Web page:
## 1-3 - Ahmad Jamal
## 4-6 - Benny Green
## 7-8 - Dado Moroni
## 9 - Geoff Keezer
## 10-11 - Oscar Peterson
========= from the cover ==========
The musical life of Ray Brown has been so rich, varied, and fruitful that the list of his friends is something of an encyclopedia on its own. His fifty-year career has found him playing with the shining lights of jazz and popular music - Dizzy Gillespie, The Modern Jazz Quartet, Oscar Peterson, to name just a few and he has led groups and provided the rock-solid foundation or adhesive glue for countless others. Perhaps no other bass player has gained such universal respect, admiration, and, yes, friendship. As Telarc producer Elaine Martone notes, it is a tribute to Ray Brown's position in the music world that he can routinely, as a matter of course, gather around him the caliber of players that appear on Some Of My Best Friends Are ...
The idea for this extraordinary series of collaborations came from Ray Brown himself. Since he has indeed worked alongside jazz masters of every instrument and from many eras and styles, Ray decided he'd like to do a series of recordings that paired him with the greatest names on a particular instrument. To surprisingly complement these couplings, he also thought it would be intriguing and rewarding to play with musicians whose musical company he had never shared before.
It is only fitting that this series should start with piano players. Many think of Ray first as the bassist in the great 1950s and '60s trios of Oscar Peterson, and he has also had subsequent long-lasting gigs with Gene Harris, Benny Green, and Monty Alexander. The brilliant thing about Ray's playing with these "monsters" is that it is never subsumed or relegated to support status. Ray is a true equal - a fact that Oscar himself acknowledged when, in his autobiography The Will To Swing, he spoke of his trio partners fully living up to the challenges of his own playing. The five pianists playing here are certainly among Ray Brown's best friends, though two of them had never worked with him before. This is jazz at its recorded best - top-notch musicians laying down seemingly effortless and seamless improvisations that are breathtaking in their spontaneity.
Young Geoff Keezer (who has recently been working with another special master, Art Farmer) got what he says was "the best present of my life" when, on his birthday, he received'a call from Ray Brown asking him to work on this record. Ray has frequently discovered, nurtured, and instructed young players more even by example than by direct teaching and Keezer becomes, as a result of this disc, the newest student. Ray and Geoff have completely rethought the great standard, Close Your Eyes, and minted it in shining new currency. Ray's funky intro leads the way in and out of the tune for which Geoff is a bit Monkish before stretching into a full groove.
Italian pianist Dado Moroni, who is in the process of settling in New York, provides one of the album's truly unusual delights. For his first recording with Ray Brown, the pianist does an all-out impersonation / tribute to Erroll Garner, complete with grunt. Compounding the wackiness is the fact that it's a Garner take on John Coltrane's Giant Steps! Ray starts with a slow statement of the theme on bowed bass with Moroni commenting quietly behind. Then, from out of a delirious nowhere, comes the Garner stuff which, after several loopy minutes, shifts gears into an up-tempo excursion more in keeping with the original tone of the piece. But with another shift, we're back to Garner and Ray's arco bass. Moroni is clearly not awed by tradition new or old, and he and Ray just smile all the way through. The trio is up and cooking for My Romance, which demonstrates that the romance still has sparks.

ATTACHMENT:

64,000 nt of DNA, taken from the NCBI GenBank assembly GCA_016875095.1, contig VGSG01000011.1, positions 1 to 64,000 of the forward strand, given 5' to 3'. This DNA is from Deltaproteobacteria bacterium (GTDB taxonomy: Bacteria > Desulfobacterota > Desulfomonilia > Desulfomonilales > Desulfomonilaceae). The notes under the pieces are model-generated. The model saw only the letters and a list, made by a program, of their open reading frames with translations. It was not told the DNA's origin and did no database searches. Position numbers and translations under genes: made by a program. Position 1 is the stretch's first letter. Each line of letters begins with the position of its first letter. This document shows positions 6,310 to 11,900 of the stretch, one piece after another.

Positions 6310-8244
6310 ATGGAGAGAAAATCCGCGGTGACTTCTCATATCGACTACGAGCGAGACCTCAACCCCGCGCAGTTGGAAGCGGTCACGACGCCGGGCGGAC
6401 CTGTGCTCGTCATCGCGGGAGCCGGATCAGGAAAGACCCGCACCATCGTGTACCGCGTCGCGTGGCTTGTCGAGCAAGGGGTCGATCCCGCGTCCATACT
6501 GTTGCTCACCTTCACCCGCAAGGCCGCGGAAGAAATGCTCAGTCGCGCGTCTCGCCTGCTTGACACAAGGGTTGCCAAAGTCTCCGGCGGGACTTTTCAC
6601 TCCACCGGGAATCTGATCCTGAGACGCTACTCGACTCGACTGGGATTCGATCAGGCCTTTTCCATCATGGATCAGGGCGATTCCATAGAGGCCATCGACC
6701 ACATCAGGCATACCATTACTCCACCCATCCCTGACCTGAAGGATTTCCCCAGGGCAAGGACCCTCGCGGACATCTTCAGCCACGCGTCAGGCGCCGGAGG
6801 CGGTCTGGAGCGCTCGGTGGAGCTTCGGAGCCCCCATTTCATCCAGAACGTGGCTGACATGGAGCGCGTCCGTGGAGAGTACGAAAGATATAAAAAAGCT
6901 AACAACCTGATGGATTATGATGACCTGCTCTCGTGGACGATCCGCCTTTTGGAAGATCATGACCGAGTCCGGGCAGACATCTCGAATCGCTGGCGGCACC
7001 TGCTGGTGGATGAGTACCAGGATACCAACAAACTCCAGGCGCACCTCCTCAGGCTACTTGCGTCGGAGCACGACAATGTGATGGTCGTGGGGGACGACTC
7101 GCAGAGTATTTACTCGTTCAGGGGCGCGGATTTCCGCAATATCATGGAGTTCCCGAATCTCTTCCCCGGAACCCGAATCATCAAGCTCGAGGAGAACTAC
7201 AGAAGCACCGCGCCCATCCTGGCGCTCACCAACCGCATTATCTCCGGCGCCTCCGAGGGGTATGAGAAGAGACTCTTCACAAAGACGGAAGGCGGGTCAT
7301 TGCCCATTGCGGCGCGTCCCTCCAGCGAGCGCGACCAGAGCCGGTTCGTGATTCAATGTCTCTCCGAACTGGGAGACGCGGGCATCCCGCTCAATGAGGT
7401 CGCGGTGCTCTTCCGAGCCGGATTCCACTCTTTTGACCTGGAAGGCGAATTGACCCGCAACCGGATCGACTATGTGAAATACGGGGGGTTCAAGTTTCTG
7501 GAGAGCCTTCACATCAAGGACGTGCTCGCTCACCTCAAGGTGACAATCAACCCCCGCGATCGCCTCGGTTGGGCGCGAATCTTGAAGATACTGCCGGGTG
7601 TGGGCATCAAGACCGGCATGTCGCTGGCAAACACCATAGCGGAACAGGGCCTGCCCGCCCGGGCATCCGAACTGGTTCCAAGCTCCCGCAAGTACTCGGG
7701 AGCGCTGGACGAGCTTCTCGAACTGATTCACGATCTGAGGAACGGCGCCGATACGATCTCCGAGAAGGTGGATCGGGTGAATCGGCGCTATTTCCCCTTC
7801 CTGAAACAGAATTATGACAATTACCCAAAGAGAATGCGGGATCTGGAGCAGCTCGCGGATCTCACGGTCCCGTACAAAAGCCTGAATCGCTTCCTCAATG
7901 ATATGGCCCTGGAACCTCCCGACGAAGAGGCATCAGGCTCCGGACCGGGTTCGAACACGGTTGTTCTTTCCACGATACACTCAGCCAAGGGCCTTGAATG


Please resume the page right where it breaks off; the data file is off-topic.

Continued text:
Though Benny Green is still a young jazz lion, he is, by now, a seasoned pro with Ray, having worked in the bassist's trio for several years, as well as smokin' in his own trio. Benny considers Ray the greatest of teachers and pays homage to him in Ray of Light, a happy original. The pianist takes Lover for an exhilarating ride, with Ray providing much of the acceleration, and then slows things down for a relaxed Just a Gigolo.
Ray Brown and Oscar Peterson play together as naturally as breathing. They have been soul-mates since they first played at Jazz at the Philharmonic, nearly fifty years ago, and their musical relationship has become, if anything, fuller and deeper. Their tunes here are spontaneous and natural - a timelessly bluesy How Come You Do Me?..., and a provocative St. Tropez. (The latter tune is from Oscar's pen.) On some level Oscar and Ray have been together all this time.
Perhaps the greatest of this set's surprises is that it offers the first musical meeting between Ray and Ahmad Jamal. Here is one of the most original stylists the music has ever produced, finding in the veteran bassist an understanding heart and soul, attuned to the variety of places the pianist regularly brings his improvisations. Three of the most played tunes in the jazzman's book reveal new colors and aspects without in the slightest showing signs of wear or fatigue. You're in the company of geniuses.
As the segments of this album were being recorded (most on one day), each pianist would wander by and listen to the others. They did this in joy and appreciation of keyboard mastery, certainly, but also out of love and admiration for the wonderful bass player who brought everyone together, the remarkable Ray Brown.
- Donald Elfman